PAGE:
Vitter Watch: If You Guessed Rehab Was Next, You're Probably Right

| Fri Jul. 13, 2007 9:54 PM EDT

According to Citizens for Legitimate Government, Louisiana Sen. David Vitter has checked into Ochsner Foundation Hospital. Ochsner is not a pscyhiatric facility, but since Katrina, most such facilities have closed. Ochsner does have a department of psychiatry, though. Or perhaps he is just there for a stress check.

Vitter's spokespeople say that he is planning to return to work next week. He is described as being "in seclusion."

"We Have Made Remarkable Progress" - GWB Video Smackdown

| Fri Jul. 13, 2007 5:01 PM EDT

Viral videos have a power that partisan media lacks. If a video succinctly makes a point about Bush's record in Iraq, thousands or even millions of people, regardless of party affiliation, may decide to spend a minute and a half to check it out. All it takes is a click of the mouse.

An excellent article in a magazine, however, requires finding a copy and reading for half an hour. Too often, the people willing to make that investment already agree with the article's point.

You tell me. What catches your attention — the video below (spotted on TAPPED) or this article?

Answers for Morning Political Trivia for July 13

| Fri Jul. 13, 2007 4:39 PM EDT

We didn't get many bites on today's morning political trivia, but here's the answer anyway: The two current Senators who served as congressional pages are Chris Dodd (D-Conn.) and Mark Pryor (D-Ark.). No one guessed this — we'll try something a little easier for tomorrow. CQ Politics has more on the subject of former pages in congress. Unsurprisingly, both Dodd and Pryor served as pages during their fathers' tenures in congress. Check back tomorrow for more trivia.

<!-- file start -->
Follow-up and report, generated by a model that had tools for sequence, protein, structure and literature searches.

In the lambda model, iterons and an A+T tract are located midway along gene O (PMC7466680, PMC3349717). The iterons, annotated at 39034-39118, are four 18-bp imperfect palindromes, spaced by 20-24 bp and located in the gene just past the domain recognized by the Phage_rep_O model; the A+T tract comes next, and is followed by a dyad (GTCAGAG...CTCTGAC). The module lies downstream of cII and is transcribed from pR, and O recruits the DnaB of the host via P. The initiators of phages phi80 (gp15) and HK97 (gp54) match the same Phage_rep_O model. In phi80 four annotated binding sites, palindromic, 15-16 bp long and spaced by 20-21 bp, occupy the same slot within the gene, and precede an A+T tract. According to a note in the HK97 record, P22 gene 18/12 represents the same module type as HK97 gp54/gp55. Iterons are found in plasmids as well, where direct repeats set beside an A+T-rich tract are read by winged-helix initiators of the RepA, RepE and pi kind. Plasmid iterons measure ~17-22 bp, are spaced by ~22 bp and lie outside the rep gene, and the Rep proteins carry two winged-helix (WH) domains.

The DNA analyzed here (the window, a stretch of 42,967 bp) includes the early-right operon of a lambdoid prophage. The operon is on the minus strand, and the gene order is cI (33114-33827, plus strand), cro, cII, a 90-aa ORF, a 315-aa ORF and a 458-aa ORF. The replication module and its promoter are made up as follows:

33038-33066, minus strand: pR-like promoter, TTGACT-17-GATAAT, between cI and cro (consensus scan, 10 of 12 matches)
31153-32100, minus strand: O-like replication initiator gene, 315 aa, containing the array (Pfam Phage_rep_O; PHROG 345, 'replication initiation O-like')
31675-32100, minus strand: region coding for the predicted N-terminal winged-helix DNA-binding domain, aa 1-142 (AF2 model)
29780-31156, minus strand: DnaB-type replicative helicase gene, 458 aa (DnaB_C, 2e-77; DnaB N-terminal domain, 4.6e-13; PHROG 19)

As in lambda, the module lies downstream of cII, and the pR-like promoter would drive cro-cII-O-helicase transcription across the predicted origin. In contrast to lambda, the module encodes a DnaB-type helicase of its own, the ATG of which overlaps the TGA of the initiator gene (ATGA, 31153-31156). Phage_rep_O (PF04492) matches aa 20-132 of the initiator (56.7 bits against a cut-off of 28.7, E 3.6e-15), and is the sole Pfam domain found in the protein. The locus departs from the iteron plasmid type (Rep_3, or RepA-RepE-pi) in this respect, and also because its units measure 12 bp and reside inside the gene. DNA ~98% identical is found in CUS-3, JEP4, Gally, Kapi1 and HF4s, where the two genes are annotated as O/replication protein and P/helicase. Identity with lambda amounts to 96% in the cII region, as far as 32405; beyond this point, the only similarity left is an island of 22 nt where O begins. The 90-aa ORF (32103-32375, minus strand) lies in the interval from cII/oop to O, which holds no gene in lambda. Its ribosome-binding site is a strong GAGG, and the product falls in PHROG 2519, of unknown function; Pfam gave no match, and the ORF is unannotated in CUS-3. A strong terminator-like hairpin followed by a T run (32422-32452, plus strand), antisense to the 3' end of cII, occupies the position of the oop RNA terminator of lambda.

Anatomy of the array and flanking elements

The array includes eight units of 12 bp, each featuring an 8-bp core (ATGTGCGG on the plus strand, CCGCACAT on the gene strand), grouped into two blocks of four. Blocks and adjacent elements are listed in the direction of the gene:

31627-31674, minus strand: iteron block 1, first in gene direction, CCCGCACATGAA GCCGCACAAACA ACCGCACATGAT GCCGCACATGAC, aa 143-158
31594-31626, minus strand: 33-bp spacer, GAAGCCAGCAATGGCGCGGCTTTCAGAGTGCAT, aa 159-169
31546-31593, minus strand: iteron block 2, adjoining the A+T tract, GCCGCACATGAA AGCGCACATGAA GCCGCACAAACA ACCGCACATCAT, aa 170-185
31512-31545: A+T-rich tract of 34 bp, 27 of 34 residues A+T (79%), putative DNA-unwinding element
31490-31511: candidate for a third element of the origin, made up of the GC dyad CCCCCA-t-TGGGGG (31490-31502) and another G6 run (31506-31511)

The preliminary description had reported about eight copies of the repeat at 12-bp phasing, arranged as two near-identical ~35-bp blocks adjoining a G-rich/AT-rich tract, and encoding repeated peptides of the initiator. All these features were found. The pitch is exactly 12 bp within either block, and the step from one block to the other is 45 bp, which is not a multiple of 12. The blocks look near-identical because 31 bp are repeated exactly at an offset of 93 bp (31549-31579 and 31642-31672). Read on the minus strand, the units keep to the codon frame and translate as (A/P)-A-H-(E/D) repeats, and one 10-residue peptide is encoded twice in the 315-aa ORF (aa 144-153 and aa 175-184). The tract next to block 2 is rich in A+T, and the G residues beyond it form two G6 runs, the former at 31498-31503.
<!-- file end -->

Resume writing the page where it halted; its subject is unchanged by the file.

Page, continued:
— Nick Baumann

Peggy Noonan: Bush is "Extremely Irritating," "Unnatural," and "Weird"

| Fri Jul. 13, 2007 4:13 PM EDT

Conservative mouthpiece Peggy Noonan has a delightful op-ed in the Wall Street Journal today.

I received an email before the news conference from as rock-ribbed a Republican as you can find, a Georgia woman (middle-aged, entrepreneurial) who'd previously supported him. She said she'd had it. "I don't believe a word that comes out of his mouth." I was startled by her vehemence only because she is, as I said, rock-ribbed. Her email reminded me of another, one a friend received some months ago: "I took the W off my car today," it said on the subject line. It sounded like a country western song, like a great lament.